by Foo Yun Chee
BRUSSELS (Reuters) – Individuals and companies affected by drones, robots and other products or services equipped with artificial intelligence software will find it easier to sue for compensation under draft European Union rules seen by Reuters.
The AI Responsibility Directive, to be announced by the European Commission on Wednesday, aims to tackle the growing spread of AI-enabled products and services and a set of national rules across the 27-nation European Union.
The draft rules said victims could sue for compensation for damages to their life, property, health, and privacy caused by the error or omission of an AI provider, developer or user or who was discriminated against in the recruitment process using AI.
The rules seek to lighten the burden of proof on victims by introducing a “causation presumption,” meaning that victims only need to show that a manufacturer or user’s failure to comply with certain requirements caused the harm and then link that to AI technology in their claim.
Under the “right of access to evidence,” victims can ask a court to order companies and suppliers to provide information about high-risk AI systems so they can identify the person responsible and find out what went wrong.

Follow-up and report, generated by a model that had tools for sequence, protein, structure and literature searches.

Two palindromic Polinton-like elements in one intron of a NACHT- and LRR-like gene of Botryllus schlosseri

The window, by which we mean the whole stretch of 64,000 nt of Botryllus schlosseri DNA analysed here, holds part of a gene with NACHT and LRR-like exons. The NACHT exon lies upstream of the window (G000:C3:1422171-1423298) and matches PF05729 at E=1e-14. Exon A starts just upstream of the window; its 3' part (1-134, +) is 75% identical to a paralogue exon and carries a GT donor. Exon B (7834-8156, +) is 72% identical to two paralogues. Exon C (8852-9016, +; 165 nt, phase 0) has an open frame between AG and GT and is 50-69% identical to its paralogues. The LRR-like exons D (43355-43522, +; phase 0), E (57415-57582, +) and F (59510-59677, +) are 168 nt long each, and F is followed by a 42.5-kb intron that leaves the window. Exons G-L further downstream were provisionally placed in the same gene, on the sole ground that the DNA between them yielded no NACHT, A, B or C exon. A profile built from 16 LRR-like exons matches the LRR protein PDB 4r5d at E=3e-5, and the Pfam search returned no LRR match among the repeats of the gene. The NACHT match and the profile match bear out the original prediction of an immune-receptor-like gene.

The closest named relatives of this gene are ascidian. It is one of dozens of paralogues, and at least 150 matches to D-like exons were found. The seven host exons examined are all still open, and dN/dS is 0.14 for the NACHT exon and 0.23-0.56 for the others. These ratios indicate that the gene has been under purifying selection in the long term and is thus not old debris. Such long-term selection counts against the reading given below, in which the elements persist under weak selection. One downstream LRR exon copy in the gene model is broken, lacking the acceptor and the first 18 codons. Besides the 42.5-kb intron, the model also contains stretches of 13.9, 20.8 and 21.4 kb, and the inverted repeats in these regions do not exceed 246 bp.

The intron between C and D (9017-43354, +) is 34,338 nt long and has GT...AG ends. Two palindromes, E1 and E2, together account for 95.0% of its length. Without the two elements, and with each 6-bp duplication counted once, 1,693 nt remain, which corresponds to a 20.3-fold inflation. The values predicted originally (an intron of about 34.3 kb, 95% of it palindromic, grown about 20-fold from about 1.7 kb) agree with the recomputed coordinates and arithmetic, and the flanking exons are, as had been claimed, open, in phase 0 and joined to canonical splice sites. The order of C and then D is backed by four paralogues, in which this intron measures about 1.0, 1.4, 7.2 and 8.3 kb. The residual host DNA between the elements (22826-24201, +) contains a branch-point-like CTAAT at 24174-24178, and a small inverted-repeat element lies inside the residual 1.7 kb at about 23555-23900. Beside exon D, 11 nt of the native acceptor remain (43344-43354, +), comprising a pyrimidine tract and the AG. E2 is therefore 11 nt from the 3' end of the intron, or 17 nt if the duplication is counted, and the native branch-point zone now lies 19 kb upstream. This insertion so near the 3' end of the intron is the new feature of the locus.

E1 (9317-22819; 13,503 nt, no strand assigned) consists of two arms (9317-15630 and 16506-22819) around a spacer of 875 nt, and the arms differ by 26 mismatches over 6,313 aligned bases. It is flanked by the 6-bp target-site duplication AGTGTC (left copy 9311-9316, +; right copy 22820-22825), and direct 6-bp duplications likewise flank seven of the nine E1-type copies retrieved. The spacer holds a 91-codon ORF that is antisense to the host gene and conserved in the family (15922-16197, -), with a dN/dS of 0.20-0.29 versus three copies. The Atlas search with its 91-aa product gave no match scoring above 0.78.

On Wednesday, the EU executive will also update a Product Liability Directive that outlines the scope of manufacturers’ liability for defective products ranging from smart technology to machinery and pharmaceuticals.
The proposed changes would allow users to sue for compensation when software updates make their smart home products unsafe or when manufacturers fail to fix cybersecurity gaps.
Users with unsafe products outside the EU will be able to sue the manufacturer’s EU representative for compensation.
The Amnesty International liability directive will need a green light from EU countries and EU legislators before it becomes law.